One of the key areas that the initiative highlights is ‘helping clubs foster links with local schools in order to help young players get the best out of their football education as well as the academic side’ and this is something that has been very much glossed over in the past. The problems with the EPPP’s transfer policy will inevitably lead to top clubs taking a chance on more players and subsequently casting more of them aside, so a stronger focus on academia is utterly vital and something that has been seriously lacking in the past.
And it isn’t just failed players that this applies to; teenagers are forced out of the game for a number of reasons and an increased emphasis on providing them with useful qualifications is both positive and necessary. Some quit football as a result of psychological burnout, as Dr Andrew Hill, lecturer in sports and exercise science at the University of Leeds’ School of Biomedical Sciences, has discovered, while many more end up prematurely retiring because of injury.
One of the most high profile instances of an academy player being forced to hang up their boots early is Sean Highdale, a former England U16 international and Liverpool U18 captain. As a result of his promise and the support of Liverpool’s coaching staff, he won his personal injury case against those who caused his car crash and gained a considerable amount of financial compensation. However, he admitted himself that he ‘had to face reality’ following his accident and is a prime example of the kind of player who would have benefitted hugely from improved academic qualifications.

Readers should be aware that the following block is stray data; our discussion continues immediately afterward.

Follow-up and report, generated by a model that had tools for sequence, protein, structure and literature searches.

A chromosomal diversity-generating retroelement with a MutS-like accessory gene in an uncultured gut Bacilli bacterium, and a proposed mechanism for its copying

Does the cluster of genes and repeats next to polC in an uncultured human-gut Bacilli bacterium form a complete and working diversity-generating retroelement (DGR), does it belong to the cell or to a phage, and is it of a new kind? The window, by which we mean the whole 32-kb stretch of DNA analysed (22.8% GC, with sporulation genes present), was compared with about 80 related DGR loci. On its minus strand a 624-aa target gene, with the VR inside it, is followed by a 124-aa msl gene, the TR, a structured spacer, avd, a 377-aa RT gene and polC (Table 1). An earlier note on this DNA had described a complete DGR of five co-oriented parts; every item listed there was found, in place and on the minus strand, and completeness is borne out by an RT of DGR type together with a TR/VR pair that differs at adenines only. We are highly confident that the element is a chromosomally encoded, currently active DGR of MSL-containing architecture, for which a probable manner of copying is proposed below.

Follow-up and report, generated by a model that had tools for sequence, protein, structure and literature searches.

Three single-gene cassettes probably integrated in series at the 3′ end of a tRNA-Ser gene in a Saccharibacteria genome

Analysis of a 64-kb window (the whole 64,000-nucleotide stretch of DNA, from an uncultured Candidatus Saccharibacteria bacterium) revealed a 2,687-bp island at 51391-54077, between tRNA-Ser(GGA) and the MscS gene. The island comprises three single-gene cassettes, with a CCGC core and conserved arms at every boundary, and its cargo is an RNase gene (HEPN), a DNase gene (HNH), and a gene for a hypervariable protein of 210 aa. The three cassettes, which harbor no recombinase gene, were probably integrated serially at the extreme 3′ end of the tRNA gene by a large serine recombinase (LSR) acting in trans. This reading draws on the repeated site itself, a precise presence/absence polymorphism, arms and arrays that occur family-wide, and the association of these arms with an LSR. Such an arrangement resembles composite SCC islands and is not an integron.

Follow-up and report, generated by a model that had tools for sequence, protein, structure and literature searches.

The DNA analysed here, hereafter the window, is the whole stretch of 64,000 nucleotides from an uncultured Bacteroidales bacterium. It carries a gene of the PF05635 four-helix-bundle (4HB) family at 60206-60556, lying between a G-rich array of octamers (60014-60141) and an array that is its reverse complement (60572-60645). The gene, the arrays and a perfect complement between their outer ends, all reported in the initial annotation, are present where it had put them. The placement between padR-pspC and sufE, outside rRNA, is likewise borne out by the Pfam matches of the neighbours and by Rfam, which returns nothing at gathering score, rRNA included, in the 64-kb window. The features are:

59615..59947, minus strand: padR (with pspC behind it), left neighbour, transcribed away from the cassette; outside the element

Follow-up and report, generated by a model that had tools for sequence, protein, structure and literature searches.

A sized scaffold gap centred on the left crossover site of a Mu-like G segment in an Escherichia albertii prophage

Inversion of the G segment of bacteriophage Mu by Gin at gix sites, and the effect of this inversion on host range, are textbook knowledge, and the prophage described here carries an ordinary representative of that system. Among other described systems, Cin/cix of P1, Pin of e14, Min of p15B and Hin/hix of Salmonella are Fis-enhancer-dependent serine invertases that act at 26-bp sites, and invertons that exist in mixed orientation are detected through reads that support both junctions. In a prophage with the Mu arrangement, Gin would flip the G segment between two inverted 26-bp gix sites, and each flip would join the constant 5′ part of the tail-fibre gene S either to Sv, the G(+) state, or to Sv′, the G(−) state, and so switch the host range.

These positive factors by no means make up for the shortcomings of the EPPP, but they do address an almost separate problem in youth football. For too long, players not good enough to make the grade at the highest level have been cast aside without a second thought but this new aim, amongst the various inadequacies of the rest of the scheme, could make a genuine difference. With only around 20% of academy players still playing professionally at the age of 21, we need to make a wholehearted effort to look after the players that don’t quite succeed, as well as the ones that do.